Monday, September 22, 2008

Hysteria in the Yucatan?

Back in Merida from my travels, I can perceive the nervous tension in the city. The violence associated with more 'macho' states like Nuevo Leon and Sonora has made an appearance here at last, and it has shaken up the Yucatecans like nothing before. No hurricane has had the impact of the news that 12 headless bodies were found here.

Here! Where nothing ever happens!

There is a saying that says, cuando se acaba el mundo, me voy a Yucatan which roughly means when the world comes to an end, I'm moving to the Yucatan. Well, that feeling of 'nothing bad ever happens here' has been shaken out of many Yucatecans. The ambiente is tense:
  • Around the city, there are police controls near every mall and wherever people might be congregating. Police controls funnel traffic from 2 or 3 lanes into one lane where machine gun armed police with bullet proof vests and dark sunglasses peer into your vehicle as you pass by. At night, these are lit up like Christmas trees and you have to squint as you pass under the bright 500,000 watt lights blast into your face.
  • The newspapers are happy as pigs in poop because they have increased their sales to the point of salivation. They are even printing rumors that they pass off as stories 'that have not been confirmed', like a shooting here or there, a kidnapping that might or might not have happened, a bomb threat imagined or real who knows, that kind of thing. Very professional and a great example of journalism. The local papers, in an effort to 'inform' their readership, actually took the beheading video off YouTube and posted it directly on their site. Nothing morbid about that is there? Nahh.

  • The people that put that polarizing film on vehicle windows are happy because now they can offer the service of removing that same film. You remember the Dr. Suess story of the Star Bellied Sneetches? With the man who brought a Star On and Star Off machine to the hapless Sneetches? It's kind of like that. The state government has decreed that no vehicles shall have darkened windows and that any car that has it must have it removed. We all had until mid September, but of course, as is always the case in this lovely land, there has been an extension of the deadline. The traffic manual from the SPV says that cars shouldn't have their windows polarized anyway, but only now it seems will anyone do anything about it.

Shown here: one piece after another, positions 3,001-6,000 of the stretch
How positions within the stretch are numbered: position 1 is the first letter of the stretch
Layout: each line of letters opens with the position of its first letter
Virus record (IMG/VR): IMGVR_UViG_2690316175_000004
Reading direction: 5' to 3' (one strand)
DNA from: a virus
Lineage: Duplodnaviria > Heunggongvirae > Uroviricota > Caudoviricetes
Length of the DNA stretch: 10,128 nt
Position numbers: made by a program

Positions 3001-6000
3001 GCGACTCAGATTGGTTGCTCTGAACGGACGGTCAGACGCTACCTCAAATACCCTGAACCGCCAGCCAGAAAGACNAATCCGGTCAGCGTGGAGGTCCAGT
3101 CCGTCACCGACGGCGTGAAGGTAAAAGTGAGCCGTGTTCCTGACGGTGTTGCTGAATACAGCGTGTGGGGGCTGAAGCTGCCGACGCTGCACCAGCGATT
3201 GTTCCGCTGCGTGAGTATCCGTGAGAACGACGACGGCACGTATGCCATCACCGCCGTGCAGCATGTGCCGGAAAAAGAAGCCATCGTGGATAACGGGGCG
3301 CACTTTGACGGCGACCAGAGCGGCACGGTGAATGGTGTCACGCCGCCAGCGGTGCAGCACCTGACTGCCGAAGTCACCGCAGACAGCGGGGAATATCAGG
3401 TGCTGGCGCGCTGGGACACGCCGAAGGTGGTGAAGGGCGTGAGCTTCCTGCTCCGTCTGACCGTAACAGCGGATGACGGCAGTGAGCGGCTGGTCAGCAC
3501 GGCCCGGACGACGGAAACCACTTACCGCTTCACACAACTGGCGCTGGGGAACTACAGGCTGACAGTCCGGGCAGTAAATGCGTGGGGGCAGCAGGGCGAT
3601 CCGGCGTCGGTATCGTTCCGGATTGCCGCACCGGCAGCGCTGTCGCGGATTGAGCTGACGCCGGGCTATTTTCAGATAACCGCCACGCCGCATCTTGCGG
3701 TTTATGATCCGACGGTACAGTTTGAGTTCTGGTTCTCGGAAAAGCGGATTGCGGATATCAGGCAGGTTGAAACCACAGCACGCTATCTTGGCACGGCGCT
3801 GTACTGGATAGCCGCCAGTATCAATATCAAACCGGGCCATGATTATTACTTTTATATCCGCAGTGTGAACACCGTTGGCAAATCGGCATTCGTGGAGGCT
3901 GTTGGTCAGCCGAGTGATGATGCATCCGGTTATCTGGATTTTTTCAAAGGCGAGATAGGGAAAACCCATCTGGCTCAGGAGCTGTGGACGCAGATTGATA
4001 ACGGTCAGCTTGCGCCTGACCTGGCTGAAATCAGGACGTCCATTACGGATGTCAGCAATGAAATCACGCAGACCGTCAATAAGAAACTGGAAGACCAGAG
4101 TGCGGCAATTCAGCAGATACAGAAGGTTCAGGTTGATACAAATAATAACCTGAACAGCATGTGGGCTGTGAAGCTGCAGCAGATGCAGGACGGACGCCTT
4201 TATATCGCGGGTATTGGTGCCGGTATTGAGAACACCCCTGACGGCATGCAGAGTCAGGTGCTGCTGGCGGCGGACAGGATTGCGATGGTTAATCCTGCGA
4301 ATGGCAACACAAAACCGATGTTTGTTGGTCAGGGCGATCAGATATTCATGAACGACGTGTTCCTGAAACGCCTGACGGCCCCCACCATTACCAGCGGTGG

• Store owners and merchants in the malls and in general are complaining that sales have fallen dramatically as people opt to stay home instead of going to the mall to enjoy free air conditioning. Better to be sweating on the sidewalk in front of your house than to be bleeding and cool in the air conditioned mall. The economy in general, has slowed to a crawl.

  • Kids and their parents are deciding that discos and nightclubs are not great places to be, since the combination of macho-ness, alcohol and a possible hand gun are not a particularly attractive combination. Drugs are sold at clubs after all, and while this has been going on for a while, it took some beheadings to bring the message home.

  • Police have raided a lot of houses, found clues here and there and seized a sizable number of vehicles. Not much in the way of arrests though. There is much speculation about who is involved. Anyone who looks foreign ie. not Yucatecan is suspect. Remember the Diario de Yucatan catchphrase 'aspecto fuereño' and you get the picture.
That all said, I have not felt particularly unsafe in my daily activities. Business-wise I am hurting but I don't feel physically threatened, yet. I guess if I was a clubber or involved in some illicit activity I would be worried, but for us normal folks trying to eke out a living, besides the traffic complications, armored machine gun vehicles on the periferico and the occasional military helicopter with armed soldiers sticking out overhead, nada grave.

2 comments:

Chuck (A Muck?) said...

The same is true for you- you have no god-given right to smoke in a restaurant the the general public uses. You also may "just not go."
CD

William Lawson said...

Of course. But you are missing the bigger picture. It should be up to the restaurant OWNER - NOT the GOVERNMENT - to establish whether he or she will allow or not smoking in his or her establishment, thereby subjecting him or herself to whatever outcome his or her decision entails. If he or she chooses to make the restaurant a non-smoking one, I would and could not raise a fuss and say it's my right to smoke there.